Kansas has Notre Dame transfer Dayne Crist, a fifth-year senior who is a captain in his first season with the Jayhawks. Oklahoma State anointed true freshman Wes Lundt as its starter in the spring. Baylor will begin with Nick Florence as it seeks to replace Heisman Trophy winner Robert Griffin III.

Or as Coach Art Briles put it, "How do you adjust not having the best player football in the United States of America last year at the collegiate level?

"What we have to do is figure out ways to fill in the gaps, because Robert created a bunch of gaps," Briles said. "His ability from somebody else's is a big gap. We have to fill that in with a variety of different methods, schematically, personnel-wise and motivational-wise and inspiration-wise that will give us an opportunity to stay at the level we finished at last year."

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OPINIONS ON transfers differ throughout the conference. WVU Coach Dana Holgorsen will only address a need, as he did last year when fifth-year senior Devon Brown came to WVU as an inside receiver after graduating from Wake Forest. Oklahoma State Coach Mike Gundy doesn't take many transfers because his teams "have not had a lot of success with players that have transferred."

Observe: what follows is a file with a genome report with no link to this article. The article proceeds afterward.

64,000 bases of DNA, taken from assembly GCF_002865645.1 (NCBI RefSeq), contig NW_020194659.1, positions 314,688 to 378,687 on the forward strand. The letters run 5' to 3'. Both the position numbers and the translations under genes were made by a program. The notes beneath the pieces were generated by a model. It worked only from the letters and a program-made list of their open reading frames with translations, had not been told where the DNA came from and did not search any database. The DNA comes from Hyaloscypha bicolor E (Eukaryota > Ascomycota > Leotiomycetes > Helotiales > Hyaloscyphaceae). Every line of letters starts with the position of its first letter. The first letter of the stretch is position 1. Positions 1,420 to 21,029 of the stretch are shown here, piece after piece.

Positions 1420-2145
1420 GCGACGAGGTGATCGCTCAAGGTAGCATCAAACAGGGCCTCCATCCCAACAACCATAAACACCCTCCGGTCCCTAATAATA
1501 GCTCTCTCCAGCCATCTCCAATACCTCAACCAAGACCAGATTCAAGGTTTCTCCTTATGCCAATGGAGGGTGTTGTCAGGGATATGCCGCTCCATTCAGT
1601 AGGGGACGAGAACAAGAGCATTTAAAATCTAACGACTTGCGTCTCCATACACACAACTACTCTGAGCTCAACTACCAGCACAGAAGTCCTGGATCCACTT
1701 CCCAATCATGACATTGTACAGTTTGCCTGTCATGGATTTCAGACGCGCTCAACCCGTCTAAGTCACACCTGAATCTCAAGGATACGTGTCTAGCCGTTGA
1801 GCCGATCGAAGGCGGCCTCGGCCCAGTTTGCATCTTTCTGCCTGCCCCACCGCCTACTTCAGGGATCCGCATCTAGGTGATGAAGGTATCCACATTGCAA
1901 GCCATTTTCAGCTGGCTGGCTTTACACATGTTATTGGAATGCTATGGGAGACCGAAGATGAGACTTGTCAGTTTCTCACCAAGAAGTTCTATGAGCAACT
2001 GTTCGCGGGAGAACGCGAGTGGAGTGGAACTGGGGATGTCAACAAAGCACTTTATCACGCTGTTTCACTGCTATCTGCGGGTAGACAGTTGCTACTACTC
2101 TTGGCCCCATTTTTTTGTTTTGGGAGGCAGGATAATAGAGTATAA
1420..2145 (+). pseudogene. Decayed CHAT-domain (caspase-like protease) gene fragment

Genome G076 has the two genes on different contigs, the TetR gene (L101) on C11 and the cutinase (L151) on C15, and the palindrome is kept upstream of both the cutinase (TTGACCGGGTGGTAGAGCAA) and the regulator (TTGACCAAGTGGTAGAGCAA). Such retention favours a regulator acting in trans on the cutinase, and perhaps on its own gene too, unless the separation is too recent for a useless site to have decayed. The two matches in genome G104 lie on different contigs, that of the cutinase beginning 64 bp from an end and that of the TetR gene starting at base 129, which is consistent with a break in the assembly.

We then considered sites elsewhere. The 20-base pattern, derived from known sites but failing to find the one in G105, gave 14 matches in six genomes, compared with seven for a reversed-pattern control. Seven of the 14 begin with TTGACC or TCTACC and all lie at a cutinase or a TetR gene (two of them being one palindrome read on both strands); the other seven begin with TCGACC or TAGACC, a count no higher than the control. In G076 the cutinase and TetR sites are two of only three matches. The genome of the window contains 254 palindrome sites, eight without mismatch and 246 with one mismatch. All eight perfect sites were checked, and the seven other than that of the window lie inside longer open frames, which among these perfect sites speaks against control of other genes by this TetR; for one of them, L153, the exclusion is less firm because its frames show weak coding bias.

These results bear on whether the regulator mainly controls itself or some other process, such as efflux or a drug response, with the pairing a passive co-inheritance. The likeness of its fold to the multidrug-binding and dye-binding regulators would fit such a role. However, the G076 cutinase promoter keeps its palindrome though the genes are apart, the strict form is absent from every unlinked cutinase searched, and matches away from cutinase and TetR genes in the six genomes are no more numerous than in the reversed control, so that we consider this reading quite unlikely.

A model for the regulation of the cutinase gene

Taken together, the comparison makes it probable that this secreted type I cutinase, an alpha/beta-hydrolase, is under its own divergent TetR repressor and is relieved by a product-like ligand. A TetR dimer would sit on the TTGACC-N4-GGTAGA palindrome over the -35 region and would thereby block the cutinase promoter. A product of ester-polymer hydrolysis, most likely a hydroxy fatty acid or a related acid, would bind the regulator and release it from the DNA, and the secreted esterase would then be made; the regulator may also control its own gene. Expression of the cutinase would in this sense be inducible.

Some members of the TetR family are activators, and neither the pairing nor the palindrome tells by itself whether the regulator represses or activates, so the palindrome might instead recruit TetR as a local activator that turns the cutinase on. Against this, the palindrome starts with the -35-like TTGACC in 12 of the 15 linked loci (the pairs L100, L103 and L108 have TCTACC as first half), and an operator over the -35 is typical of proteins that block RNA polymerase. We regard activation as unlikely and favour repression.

Kansas has two dozen transfers, including three from Notre Dame, where Coach Charlie Weis was when Crist, linebacker Anthony McDonald and tight end Mike Ragone were freshmen.

"They're not doing it because they want to go to another school all of a sudden," Weis said. "They want to go somewhere that gives them an opportunity to enhance their value on Sunday."

Baylor has had success with Division I transfers through its four years with Briles. He said the Bears will look at a player if the talent is good enough, but that he wants more than skill.

"I like getting guys that are mature," he said. "Not that 18-year-olds are not, but when you take a guy that's been through a few trials and tribulations and understands what's important, what's not, and has experience - there's one thing money can't buy, and that's experience. You've got to live it, you've got to taste it, you've got to feel it. Then we know what we're getting to."